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The Japanese startup Attuned devised a 55-question test for companies to give their employees to find out exactly what motivates them.

The test uses AI to score each employee by how much they are motivated by competition, autonomy, feedback, financial needs, and seven other values.

Companies are paying thousands of dollars to use the service, which can also track when workers are becoming less motivated over time.

If you’ve ever led a team at work before, you know how hard it can be to keep people motivated.

But one Japanese startup is using technology to make that easier than ever.

The Tokyo-based company Attuned offers what it calls “predictive HR analytics” to help companies understand what makes each of their employees tick. And companies in Japan are paying thousands of dollars for the chance to get a better read on their workers.

It’s a simple process: When a company signs on with Attuned, its employees take a 55-question online test in which they’re presented with pairs of statements, such as “Planning my day in advance gives me a sense of security,” and “I prefer to be able to decide which task to focus on at any given time.” The test-taker must choose which of the two statements applies to them better, and whether they “strongly prefer” it, “prefer” it, or just “somewhat prefer” it:

Once the test is complete, Attuned churns out a unique “motivational profile” scoring each employee in 11 key human values, including “competition,” “feedback,” “autonomy,” “security,” and “financial needs.”

Areas in which the employee scores particularly high are labeled “need to have” motivators for that person, while lower scores indicate “nice to have” or “neutral” motivators. How each employee scores in certain areas can clue managers in to what kinds of work environments they’ll thrive in and what will keep them motivated, Casey Wahl, the American founder of Attuned, said.

“Maybe it’s, ‘Hey, you want to have drinks on a Friday night?’ if socialization is important for you,” Wahl told Business Insider. “For somebody else it’s different. Maybe it’s a financial incentive, or maybe, say, ‘OK, if you nail this product, you can have more autonomy; you can run this project that you’ve been wanting to do for a while.”

The technology can also help managers find common ground with their workers. Wahl recalled an employee of his who took issue with the location of Attuned’s office on a Tokyo backstreet instead of a more popular, high-trafficked area. As it turned out, the employee had scored high in the “status” category, suggesting a need to work for a well-known brand or in a position of prestige.

“This is something where, because I don’t value it, I can’t give her what she wants easily,” Wahl said. “Now that I see this, I can say, OK, she’s coming from this point of view. So it’s going to take a lot of the emotion and everything out of it.”

Attuned charges $1,960 for a basic yearly subscription, with prices varying based on the size of the company. The subscription also includes “pulse surveys” — short, 30-second follow-up quizzes that employees take every two weeks to see how their motivators change over time. Attuned uses AI to tailor the surveys to the individual based on answers they’ve previously given.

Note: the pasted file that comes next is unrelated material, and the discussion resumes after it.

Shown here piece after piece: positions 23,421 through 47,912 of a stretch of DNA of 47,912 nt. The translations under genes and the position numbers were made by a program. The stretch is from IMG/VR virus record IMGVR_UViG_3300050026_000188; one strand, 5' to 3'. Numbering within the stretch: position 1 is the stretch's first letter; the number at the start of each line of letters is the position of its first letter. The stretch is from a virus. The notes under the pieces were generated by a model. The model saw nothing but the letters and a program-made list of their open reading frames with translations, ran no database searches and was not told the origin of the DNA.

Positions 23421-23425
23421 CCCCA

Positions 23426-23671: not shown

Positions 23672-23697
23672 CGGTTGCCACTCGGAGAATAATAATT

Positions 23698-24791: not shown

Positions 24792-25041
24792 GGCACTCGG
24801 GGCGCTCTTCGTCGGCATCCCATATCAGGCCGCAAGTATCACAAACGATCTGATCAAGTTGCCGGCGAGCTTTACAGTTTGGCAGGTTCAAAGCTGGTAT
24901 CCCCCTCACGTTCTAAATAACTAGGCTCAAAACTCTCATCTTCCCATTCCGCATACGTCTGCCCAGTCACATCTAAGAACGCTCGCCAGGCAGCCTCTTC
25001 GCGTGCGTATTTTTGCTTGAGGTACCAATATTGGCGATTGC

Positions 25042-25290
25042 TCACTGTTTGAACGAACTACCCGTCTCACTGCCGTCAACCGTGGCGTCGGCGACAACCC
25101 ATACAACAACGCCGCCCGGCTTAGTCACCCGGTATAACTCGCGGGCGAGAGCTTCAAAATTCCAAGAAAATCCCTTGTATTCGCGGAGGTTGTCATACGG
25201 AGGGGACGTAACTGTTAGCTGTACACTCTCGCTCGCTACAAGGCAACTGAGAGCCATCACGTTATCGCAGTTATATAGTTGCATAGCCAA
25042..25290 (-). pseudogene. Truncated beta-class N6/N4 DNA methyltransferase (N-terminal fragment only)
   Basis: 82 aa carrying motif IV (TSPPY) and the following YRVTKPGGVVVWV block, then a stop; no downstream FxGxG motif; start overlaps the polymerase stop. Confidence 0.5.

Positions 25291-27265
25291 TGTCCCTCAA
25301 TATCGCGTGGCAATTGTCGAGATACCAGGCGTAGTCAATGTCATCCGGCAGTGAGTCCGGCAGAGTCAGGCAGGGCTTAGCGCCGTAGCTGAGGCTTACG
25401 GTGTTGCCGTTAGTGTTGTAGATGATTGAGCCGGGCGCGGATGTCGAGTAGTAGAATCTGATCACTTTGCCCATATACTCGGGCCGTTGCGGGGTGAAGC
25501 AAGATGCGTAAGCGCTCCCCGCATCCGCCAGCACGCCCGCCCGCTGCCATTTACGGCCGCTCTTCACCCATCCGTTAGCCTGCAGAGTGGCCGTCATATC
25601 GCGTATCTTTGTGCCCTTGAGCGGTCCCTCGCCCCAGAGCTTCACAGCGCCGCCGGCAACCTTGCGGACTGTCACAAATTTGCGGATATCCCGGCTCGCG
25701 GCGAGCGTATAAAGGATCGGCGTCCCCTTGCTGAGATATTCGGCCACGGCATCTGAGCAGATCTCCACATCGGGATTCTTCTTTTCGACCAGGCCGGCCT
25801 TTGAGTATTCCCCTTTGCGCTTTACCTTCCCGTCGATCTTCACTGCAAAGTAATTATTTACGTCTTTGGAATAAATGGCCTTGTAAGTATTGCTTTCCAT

Wahl says the surveys can identify faster than ever when workers are feeling less motivated, allowing managers to act before the workers get frustrated and leave the company.

At the hiring level, the technology can also predict which departments a prospective employee might be well-suited for, say, if they’re motivated by high competition or require a lot of autonomy.

And they can help hiring managers recognize if someone might not be a good fit at all. Wahl said that after one client started screening potential hires with the Attuned test, its “mis-hire” rate — the percentage of new hires who left the company within six months — dropped from 35% to 8%.

“Management, up until now, has been art,” Wahl told Business Insider. “And we’re bringing some science to it.”

https://www.businessinsider.com/employee-motivation-survey-attuned-japan-startup-2019-1

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By Lucy Huang

Ants infected with fungal pathogens steer clear of other cliques within the colony—avoiding wider infection, and allowing for a sort of immunity. Lucy Huang reports.

It’s peak cold and flu season, which means taking a lot of preventive measures. Frequent hand-washing is a must. As is avoiding co-workers or friends who are sick. But we humans are not the only animals that change behavior to keep diseases at bay. So do ants.

“So there are the foragers and the nurses– it’s two different groups of work.”

Nathalie Stroeymeyt of the University of Lausanne. She and colleagues observed ants to see their reaction to the presence of a pathogen.

“With the nurses staying inside the nurse taking care of the brood and being made of young workers. And the foragers are all the workers at outside of the nest to collect food and defend the territory.”

Forager ants are at greater risk of getting exposed to diseases because they leave the safety of the nest. So the researchers sprayed a common fungus on a small group of forager ants and then followed their movements to see the way other ants reacted.

“We marked all ants in the colony was individual labels, which carries these two-dimensional bar code marks like QR code which is automatically detected and recorded using a tracking system.”

After the infection, the nurse and forager ants stayed within their cliques and interacted less outside of their work group. The researchers also saw that forager ants spent more time outside of the nest.

“They increase that amount by 15 percent so by quite a long large amount.”